In everything except voting it seems, Tiny Township residents are passionate about their municipal affairs.
While just 33.6% of eligible voters turned out to cast their ballots in the 2022 municipal election, three public engagement sessions are scheduled simultaneously for Monday night across Tiny Township to hear from residents on a proposed new township administration centre.
Between 6 p.m. to 8 p.m., residents can attend at the following three community centres:
* Lafontaine Community Centre - 342 Rue Lafontaine Road West * Tiny Township Community Centre - 91 Concession 8 East * Wyebridge Community Centre - 8340 Highway 93
Residents have expressed displeasure with the proposed construction of a new administration centre to replace the current municipal facility, addressing council and committee of the whole through numerous deputations.
A 2014 administrative building needs assessment report noted the construction of a new facility, at that time, would cost roughly $5.5 million.
In 2022, Tiny received an asset management report which stated that 76 per cent (or $25.7 million) of the township’s non-core assets, including the current municipal building at 130 Balm Beach Rd. W., were rated the lowest at ‘very poor’ on a five-rank scale based on age, and recommended those assets as ‘candidates for replacement in the short term’.
As part of his election campaign in 2022, Coun. Kelly Helowka told MidlandToday that new municipal offices were among the township’s highest infrastructure needs.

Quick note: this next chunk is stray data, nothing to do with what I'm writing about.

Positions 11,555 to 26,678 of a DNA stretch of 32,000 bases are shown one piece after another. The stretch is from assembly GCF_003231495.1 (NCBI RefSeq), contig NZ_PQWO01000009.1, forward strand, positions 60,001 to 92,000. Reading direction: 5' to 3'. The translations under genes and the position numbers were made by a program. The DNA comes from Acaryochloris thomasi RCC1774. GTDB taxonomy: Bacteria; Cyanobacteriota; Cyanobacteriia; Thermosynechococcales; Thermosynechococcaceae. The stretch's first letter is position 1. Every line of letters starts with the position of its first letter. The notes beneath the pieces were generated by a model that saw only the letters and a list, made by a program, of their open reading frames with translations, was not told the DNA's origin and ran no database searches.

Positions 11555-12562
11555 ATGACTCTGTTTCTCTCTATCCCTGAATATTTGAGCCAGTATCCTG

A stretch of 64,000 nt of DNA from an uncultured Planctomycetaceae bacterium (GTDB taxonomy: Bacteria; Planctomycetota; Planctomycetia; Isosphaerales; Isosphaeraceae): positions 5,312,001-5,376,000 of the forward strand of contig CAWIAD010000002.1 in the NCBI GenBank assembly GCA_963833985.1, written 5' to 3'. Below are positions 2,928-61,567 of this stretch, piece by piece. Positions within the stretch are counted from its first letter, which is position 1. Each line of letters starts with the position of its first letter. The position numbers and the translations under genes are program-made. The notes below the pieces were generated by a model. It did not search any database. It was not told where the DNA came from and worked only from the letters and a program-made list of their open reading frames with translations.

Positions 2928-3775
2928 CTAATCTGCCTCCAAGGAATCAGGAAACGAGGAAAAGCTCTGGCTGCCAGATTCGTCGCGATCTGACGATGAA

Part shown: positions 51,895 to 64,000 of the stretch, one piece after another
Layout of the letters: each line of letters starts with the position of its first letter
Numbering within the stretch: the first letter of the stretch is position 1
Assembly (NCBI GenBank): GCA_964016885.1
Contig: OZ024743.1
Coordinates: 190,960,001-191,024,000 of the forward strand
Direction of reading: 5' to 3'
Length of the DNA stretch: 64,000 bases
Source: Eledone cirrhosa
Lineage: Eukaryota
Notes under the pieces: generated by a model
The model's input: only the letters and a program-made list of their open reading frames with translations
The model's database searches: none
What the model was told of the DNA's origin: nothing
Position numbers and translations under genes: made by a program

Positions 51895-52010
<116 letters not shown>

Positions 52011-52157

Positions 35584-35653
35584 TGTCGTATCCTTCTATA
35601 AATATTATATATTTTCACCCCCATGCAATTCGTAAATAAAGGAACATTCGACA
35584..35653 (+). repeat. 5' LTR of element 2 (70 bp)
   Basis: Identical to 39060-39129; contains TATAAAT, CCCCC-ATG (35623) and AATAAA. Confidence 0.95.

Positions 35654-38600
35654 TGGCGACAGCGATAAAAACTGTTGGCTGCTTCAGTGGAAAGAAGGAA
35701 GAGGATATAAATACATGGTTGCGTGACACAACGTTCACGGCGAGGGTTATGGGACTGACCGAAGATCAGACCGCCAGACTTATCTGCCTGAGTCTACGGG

The recent 2024 draft budget contained an administrative public works item in the capital budget for a new administrative building design, listed as a $400,000 net budget impact and rated in the highest priority rank of the township’s requirements.
“This would be for our new administrative building design,” explained public works director Tim Leitch at the budget discussion. “This would be for the architects, based on the tender received, that we’ll need the funds that will be spent in 2024 to get us to that design stage where we’ll be in a position – basically, 90 per cent drawings – to allow us to kick off and go into design build.”
Those residents opposed to the proposed new administration centre have argued numerous reasons through deputations and social media, ranging from high taxes, rising costs of infrastructure, location of the proposed sites, as well as stating they do not want the municipality to spend money on a new building.
Approximately two per cent of property owners (397 people) in Tiny responded to the 2024 draft public budget survey in September, with a recorded 19,000 eligible voters according to the recent 2022 municipal election. Only three respondents stated that a new town hall was of importance in the budget priorities.
Further information on the proposed municipal administration centre is available on the new building page of the Tiny Township website.
Derek Howard, Local Journalism Initiative Reporter, MidlandToday.ca